Origin of jaded
verb (used with or without object), jad·ed, jad·ing.
Origin of jade2
Related Words for jadedbored, tired, weary, wearied, spent, worn, fatigued, mellow, cool, sated, fagged, satiated, blah, worn-out
Examples from the Web for jaded
Contemporary Examples of jaded
“The Ladies Who Lunch,” an ode to jaded Manhattanites, stubbornness, and vodka stingers, became one of her two signature songs.Elaine Stritch Pinched My Butt and Changed My Life
July 17, 2014
So we take it for granted in many ways, and so we are jaded by all the great discoveries.Following Tuberculosis From Death Sentence to Cure
April 16, 2014
We are now so jaded about the Affordable Care Act that it has lost the ability to shock us.How Obamacare Delays Are Hastening Despotism
March 28, 2014
Jaded by endless political defeats, the Christian right is circling the wagons and cutting off those who compromise.World Vision’s Gay Compromise
March 26, 2014
The shenanigans of Intimacy will shake any jaded theater fan from nudity ennui.New York’s Naughtiest Show (Maybe Avoid the Front Row)
January 18, 2014
Historical Examples of jaded
The horses had been worked every day since the start, and were jaded.A Woman Tenderfoot
Grace Gallatin Seton-Thompson
But jaded though I might be, it was not yet my intent to sleep.The Shame of Motley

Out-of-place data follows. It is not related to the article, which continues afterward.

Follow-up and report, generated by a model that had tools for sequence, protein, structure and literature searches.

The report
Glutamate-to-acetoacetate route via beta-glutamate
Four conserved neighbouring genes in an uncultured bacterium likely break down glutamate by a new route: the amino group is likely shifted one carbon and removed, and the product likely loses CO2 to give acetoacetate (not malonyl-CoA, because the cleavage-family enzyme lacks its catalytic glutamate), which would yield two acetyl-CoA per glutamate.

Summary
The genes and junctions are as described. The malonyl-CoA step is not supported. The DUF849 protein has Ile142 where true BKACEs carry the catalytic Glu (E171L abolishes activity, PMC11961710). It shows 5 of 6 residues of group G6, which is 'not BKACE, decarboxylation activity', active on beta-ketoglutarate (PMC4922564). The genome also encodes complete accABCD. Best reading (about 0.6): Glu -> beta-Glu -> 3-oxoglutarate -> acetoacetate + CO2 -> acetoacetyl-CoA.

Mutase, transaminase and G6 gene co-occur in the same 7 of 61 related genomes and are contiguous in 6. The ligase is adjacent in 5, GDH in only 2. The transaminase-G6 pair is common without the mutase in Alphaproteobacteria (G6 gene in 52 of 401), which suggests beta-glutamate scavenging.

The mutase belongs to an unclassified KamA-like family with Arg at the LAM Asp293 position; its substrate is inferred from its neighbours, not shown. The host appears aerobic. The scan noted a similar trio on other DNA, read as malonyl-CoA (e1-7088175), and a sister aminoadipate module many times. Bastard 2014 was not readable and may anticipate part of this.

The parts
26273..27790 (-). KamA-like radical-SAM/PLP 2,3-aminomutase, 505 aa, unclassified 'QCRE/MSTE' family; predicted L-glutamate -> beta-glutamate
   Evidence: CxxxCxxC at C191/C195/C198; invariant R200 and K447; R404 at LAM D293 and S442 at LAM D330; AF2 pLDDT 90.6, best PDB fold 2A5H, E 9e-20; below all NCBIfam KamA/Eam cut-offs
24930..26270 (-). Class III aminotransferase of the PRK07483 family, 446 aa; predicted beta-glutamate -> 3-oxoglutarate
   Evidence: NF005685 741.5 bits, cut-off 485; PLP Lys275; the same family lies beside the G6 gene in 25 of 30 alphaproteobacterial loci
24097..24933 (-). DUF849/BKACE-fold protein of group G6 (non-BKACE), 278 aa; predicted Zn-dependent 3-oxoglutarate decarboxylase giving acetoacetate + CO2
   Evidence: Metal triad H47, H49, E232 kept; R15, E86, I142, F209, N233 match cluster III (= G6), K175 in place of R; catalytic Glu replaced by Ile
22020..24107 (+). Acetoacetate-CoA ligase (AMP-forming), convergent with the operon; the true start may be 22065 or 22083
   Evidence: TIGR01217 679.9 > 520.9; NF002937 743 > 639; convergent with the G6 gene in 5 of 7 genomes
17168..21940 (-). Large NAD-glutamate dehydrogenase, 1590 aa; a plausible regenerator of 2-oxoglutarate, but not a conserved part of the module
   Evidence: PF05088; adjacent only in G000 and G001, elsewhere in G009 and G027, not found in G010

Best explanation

In his jaded condition Kenneth soon became a prey to the depression of it.The Tavern Knight
Six jaded horses, drawing a light spring-cart, had just pulled up.The Twins of Suffering Creek
This outrageous exhibition was to the Editor like the lash to a jaded horse.Within the Tides
- a semiprecious stone consisting of either jadeite or nephrite. It varies in colour from white to green and is used for making ornaments and jewellery
- (as modifier)jade ornaments
- the green colour of jade
- (as modifier)a jade skirt
Word Origin for jade
Word Origin for jade
"bored by continual indulgence," 1630s; past participle adjective from jade (v.).
ornamental stone, 1721, earlier iada (1590s), from French le jade, error for earlier l'ejade, from Spanish piedra de (la) ijada (1560s), "stone of colic, pain in the side" (jade was thought to cure this), from Vulgar Latin *iliata, from Latin ilia (plural) "flanks, kidney area" (see ileum).
"worn-out horse," late 14c., "cart horse," of uncertain origin. Barnhart suggests a variant of yaid, yald "whore," literally "mare," from a Scandinavian source akin to Old Norse jalda "mare," from Finno-Ugric (cf. Mordvin al'd'a "mare"). But OED finds the assumption of a Scandinavian connection "without reason." As a term of abuse for a woman, it dates from 1550s.